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Raised floor systems are an increasingly important component of green building design. One benefit is flexible wire and cable pathways, often including modular manufactured wiring systems. Another plus for raised floors is underfloor HVAC distribution that provides consistent temperature, ventilation, humidification, and air quality throughout the facility.
Underfloor displacement air ventilation technology is often used in place of conventional variable air volume (VAV) distribution. Instead of using overhead ductwork to heat and cool a space, a raised floor system introduces air through the floor tiles. The newly introduced air mixes with existing room air and moves upward. Return air grilles located above the occupied zone remove the hot air from the room. These systems can provide up to 10 percent improvement in HVAC efficiency, and fan size and the amount of ductwork required.
However, co-locating wiring and air handling requires that special attention be paid to the raised floor boxes that provide power, voice, data, and video. These boxes must be designed and manufactured so as not to allow air to escape through them.
There is also considerable confusion about terms such as "plenum" and "environmental air spaces" in raised floor applications. The use and definition of the word "plenum" as it applies to raised floors varies widely within the industry. Because its interpretation is very important in specifying raised floor products, such as floor boxes and manufactured wiring systems, confusion can be significantly reduced by understanding the definitions used by UL and the National Electrical Code. Wiremold/Legrand recommends the only definition that should be used is the NEC definition. This ensures that the correct products are specified for particular applications.
NEC Article 100 defines a plenum as follows: "A compartment or chamber to which one or more air ducts are connected and that forms part of the air distribution system." This definition makes it clear that the definition of a plenum is not intended to apply to a space that is used for environmental air.
NEC Section 300-22, Wiring in Ducts, Plenums, and Other Air Handling Spaces, is very specific about what, if any, wiring is permitted in these spaces:
• NEC Section 300-22(a) Ducts for Dust, Loose Stock, or Vapor Removal prohibits the installation of wiring systems of any type in these areas.
• NEC Section 300-22(b) Ducts or Plenums Used for Environmental Air limits the legal wiring methods and equipment which may be installed in ducts and plenums, such as sheet-metal ducts, specifically fabricated to transport environmental air.
• NEC Section 300-22(c) Other Spaces Used for Environmental Air places less stringent limitations on the legal wiring methods and equipment which may be installed in spaces used for environmental air handling purposes other than the ducts and plenums specified in Section 300, parts (a) and (b) above. This section applies to the space over a suspended ceiling or beneath a raised floor that is used for environmental air handling purposes. Whether the space in question is used for supply air or return air is not relevant to the application of this section although this could effect temperature considerations.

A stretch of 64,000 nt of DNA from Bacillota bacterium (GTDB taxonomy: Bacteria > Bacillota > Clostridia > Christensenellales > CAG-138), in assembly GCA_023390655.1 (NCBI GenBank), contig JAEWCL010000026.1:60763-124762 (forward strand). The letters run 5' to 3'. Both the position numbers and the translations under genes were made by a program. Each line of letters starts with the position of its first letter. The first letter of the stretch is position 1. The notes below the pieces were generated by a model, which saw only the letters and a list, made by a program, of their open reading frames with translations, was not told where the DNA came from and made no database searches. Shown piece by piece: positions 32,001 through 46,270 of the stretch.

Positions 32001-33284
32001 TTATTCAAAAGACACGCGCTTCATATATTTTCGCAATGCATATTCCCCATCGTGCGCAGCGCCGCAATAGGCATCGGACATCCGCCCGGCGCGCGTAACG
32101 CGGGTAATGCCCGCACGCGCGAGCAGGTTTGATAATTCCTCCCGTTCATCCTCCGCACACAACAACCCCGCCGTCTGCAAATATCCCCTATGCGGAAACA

It should be noted that the NEC places a different set of restrictions on the wiring methods and equipment which may be installed beneath raised floors in computer rooms. These fall within the scope of NEC Section 300-22(d).
To recap, a raised floor space is a plenum only if it was specifically fabricated to transport environmental air. There is a fairly straightforward way to determine whether wiring is to be located in a plenum or in a "space used for environmental air." One should examine the space in question, taking note of what structures form its boundaries. If the only surrounding structures are floors, ceilings, and other structures whose primary function is something other than air handling, then this is not a plenum. If however, the wiring is to be located within a structure whose primary purpose is air handling, then the wiring is in a plenum and NEC Section 300-22(b) applies.
Walkerflex® manufactured wiring systems and FloorSource™ products, manufactured by Wiremold/Legrand, are UL listed to meet all the requirements of Standard UL 183 "Manufactured Wiring Systems." They also meet the requirements for NEC Section 300-22(c). Wiremold/Legrand makes no claim as to their use within plenums. To investigate claims that other products are approved for plenums, the applicable standards from UL and NEC should be reviewed carefully to be sure the definition of the word “plenum” is used correctly.
Not using the definition of a plenum spelled out in SEC Section 300 can lead some people to mistakenly insist that any raised floor cavity is a plenum. It would be unfortunate for them to rule out allowable floor boxes and manufactured wiring systems on this mistaken assumption. On the other hand, it is illegal to install a product designed for spaces used for environmental air handling purposes other than plenums in a space that is, in fact, a plenum. To eliminate confusion, the only definition that should be used is the one provided by the NEC.
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